More money will need to be raised.

Going Forward
In 2023, Francis wants to be judged by his ability to run the business on a hugely different cost basis.

“Right now I’m focused on implementing the right fundamentals for growth in the medium term.”

On crime, legal recourse and logistics in EM markets, Francis spoke confidently. It’s seen as a big hurdle and problem, but Jumia has fully digested and adapted its logistics to cover the risk and complexities of the markets in which it operates.

For example, the riders remit cash on daily basis and Jumia only deals with the SME partner so doesn’t need to collect rider by rider.

This stock isn’t for the faint-hearted. A question mark hangs over the cash runway with future dilution not off the cards.

But Francis Dufay, seems to have a plan in place. A seasoned executive, he understands the business as well as anyone and recognises its past mistakes.

His focus on profitability will be well received to current shareholders, long term holders of which, could be as much as 95% down.

But the shares are finally range-trading. And perhaps, for the first time in years, the upside outweighs the down, especially with Jumia trying to dominate in a 1% penetrated sector in which it’s often the only market participant.



EU ETS Carbon Credits

Feb 15, 2023 | 10:04 GMT

Lewis Dalgliesh

Key Takeaways

  • Short squeeze coming as many emitters will stop receiving free credits.
  • “After 35 years of analysis, I’ve never seen a more structurally bullish story” – Lawson Steele
  • “Very happy calling this a double in 3-5 years” – Mark Lewis
  • Kakubi offers a new way to gain on blockchain carbon exposure.
  • Salzgitter and RWE => off-balance sheet carbon assets

Why do you care?
Having returned c.160% to members since the Jan-21 recommendation of going long the EUs Emission Trading System (ETS) carbon futures, we wanted to catch up with world renowned experts and club friends, Lawson Steele and Mark Lewis to see if the trade is running out of steam.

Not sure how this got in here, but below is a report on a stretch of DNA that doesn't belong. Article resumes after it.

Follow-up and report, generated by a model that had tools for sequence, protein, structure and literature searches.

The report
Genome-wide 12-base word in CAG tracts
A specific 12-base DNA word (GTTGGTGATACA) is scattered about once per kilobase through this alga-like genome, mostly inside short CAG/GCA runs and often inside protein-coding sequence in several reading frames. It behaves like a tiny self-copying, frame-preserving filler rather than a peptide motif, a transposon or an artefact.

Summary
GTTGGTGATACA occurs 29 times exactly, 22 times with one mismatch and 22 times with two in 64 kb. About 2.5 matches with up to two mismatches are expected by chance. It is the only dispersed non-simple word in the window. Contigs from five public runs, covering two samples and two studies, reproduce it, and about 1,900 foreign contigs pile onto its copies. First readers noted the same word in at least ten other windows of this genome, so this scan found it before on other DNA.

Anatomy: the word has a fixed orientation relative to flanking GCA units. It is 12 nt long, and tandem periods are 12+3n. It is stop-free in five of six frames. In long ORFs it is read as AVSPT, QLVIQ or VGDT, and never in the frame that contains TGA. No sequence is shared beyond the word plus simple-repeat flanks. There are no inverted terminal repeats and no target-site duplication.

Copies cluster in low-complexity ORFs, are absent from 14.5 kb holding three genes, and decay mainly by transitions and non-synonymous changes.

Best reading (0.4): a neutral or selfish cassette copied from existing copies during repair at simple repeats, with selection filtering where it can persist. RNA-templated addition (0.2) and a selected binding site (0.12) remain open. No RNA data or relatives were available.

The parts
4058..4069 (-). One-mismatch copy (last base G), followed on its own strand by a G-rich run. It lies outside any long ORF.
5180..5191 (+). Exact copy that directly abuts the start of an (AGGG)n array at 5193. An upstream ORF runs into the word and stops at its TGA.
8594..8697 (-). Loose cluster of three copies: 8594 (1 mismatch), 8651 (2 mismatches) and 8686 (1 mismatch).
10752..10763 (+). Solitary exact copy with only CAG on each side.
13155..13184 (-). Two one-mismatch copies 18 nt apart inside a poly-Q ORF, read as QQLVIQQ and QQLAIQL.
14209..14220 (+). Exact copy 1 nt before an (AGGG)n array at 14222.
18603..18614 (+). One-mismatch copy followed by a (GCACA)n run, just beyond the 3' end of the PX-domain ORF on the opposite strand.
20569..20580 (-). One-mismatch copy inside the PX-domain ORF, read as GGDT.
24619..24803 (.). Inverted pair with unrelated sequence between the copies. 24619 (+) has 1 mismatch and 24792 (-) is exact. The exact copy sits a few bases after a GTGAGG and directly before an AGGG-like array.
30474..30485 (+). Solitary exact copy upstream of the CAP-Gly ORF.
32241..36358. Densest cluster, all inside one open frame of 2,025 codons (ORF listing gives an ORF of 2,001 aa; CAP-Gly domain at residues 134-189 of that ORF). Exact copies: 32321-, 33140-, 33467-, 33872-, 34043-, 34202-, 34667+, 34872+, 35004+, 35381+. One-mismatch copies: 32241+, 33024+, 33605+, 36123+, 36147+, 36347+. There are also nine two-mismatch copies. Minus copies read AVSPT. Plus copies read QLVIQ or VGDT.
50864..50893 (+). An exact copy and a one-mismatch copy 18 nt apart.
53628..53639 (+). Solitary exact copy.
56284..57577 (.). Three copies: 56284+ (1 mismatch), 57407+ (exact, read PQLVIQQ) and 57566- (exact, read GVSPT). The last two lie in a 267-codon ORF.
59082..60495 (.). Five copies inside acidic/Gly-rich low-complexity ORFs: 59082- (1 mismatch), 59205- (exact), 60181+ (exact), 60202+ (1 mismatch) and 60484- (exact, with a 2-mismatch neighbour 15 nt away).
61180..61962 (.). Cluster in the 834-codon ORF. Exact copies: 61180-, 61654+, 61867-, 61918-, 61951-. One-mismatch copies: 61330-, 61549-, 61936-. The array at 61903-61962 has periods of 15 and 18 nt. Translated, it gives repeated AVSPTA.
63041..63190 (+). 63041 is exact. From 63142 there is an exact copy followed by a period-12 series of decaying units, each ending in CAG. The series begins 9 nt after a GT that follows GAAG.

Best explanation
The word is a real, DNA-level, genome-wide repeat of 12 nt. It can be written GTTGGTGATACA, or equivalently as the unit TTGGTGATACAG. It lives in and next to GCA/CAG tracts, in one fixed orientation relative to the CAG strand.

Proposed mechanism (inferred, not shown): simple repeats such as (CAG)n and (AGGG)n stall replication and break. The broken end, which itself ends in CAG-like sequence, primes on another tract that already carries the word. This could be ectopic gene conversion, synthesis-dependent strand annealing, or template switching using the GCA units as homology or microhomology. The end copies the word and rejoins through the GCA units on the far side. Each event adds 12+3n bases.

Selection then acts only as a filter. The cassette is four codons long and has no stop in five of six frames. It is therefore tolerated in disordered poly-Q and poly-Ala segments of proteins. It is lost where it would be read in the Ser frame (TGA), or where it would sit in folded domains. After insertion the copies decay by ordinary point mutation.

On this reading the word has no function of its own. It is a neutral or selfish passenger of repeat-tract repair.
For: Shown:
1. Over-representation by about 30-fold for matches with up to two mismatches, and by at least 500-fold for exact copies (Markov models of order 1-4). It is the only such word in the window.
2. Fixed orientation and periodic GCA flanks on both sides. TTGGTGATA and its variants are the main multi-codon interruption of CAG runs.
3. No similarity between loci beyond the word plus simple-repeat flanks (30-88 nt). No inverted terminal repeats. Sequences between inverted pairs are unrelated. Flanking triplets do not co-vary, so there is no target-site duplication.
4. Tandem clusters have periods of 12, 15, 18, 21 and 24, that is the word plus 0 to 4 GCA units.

The answer – no. Both panellists appear extremely bullish, speaking in harmony on the structural story, supply side clarity and oncoming step change in demand, only disagreeing on the pace of the deficit.

The video can be watched here on the portal here, and a call summary follows.

Mark Lewis
Mark believes that the most undercommented and underappreciated part of the carbon story is that the market is already more than half-way through its lifetime. Launched in 2005 (18 years ago) and with a ‘cap’ (total amount of emissions allowed) which falls to zero in 2039 (in 16 years’ time), and as of Dec-22 a Linear Reduction Factor (LRF) set to increase from 2.2% to 4.4% in 2028.

Due to a deal brokered in December, about 300mn allowances that were supposed to be auctioned post-2026 will be frontloaded and now auctioned between 2023-2026. However, due to the mechanism of the Market Stability Reserve (MSR) Mark’s modelling shows that 100mn of these will be wiped out and, in fact, only 200mn will come into the market. This means there will be more supply in the short-term, but, long-term it will make supply of allocations even tighter.

“The way the legislation is written is so bullish because the target is for zero emissions (not net-zero but absolute zero) by 2039.”

Mark believes, from an engineering perspective, such an achievement is a very difficult thing to do anyway. And the structural deficit is further exacerbated by the Fit For 55 initiative which will phase out free credits – including  from the aviation industry in 2027.

Lawson Steele
Lawson explained that carbon credits are the only commodity in which you can be very sure of both the demand and supply side of the equation.

“The supply side is a given. It’s simple math.”

He spoke of a raft of legislative changes which make the outlook even tougher for supply and will only go to increase demand as corporates that have been receiving carbon credits for free before no longer will. “The market is getting tighter, the demand side you can play with, plus or minus 10% but it doesn’t change anything. It’s a supply side story. There are no natural sellers of this commodity.”

The chart below, from Lawson’s Kakubi deck, shows his 2030 deficit projections out to 2030 including the Market Stability Reserve (MSR) reductions and Fit For 55 initiative.

Voluntary Market
The voluntary market is far smaller than the European carbon market (EUR 1bn vs EUR 700bn). It was discussed how difficult it will be for corporates to deal with the compounding shortage of supply, but Mark claimed, “the EU don’t want to hear it” further noting that following the Kyoto Protocol, 1.6bn of carbon offsets were allowed into the EU ETS in 2019.

“Without these we wouldn’t have that inventory and the price would already be a lot higher.”

Lawson Steel’s new venture, Kakubi, enables retail and institutional investors to gain on blockchain exposure to physical carbon. An investment that aims to reduce pollution and make positive and largely uncorrelated returns.

The coin (you’ll need a crypto wallet) is pegged to the EUA price and has outperformed Bitcoin and Ethereum over the past year. Fully compliant with Swiss law and regulation, this is a non-anonymous alternative investment.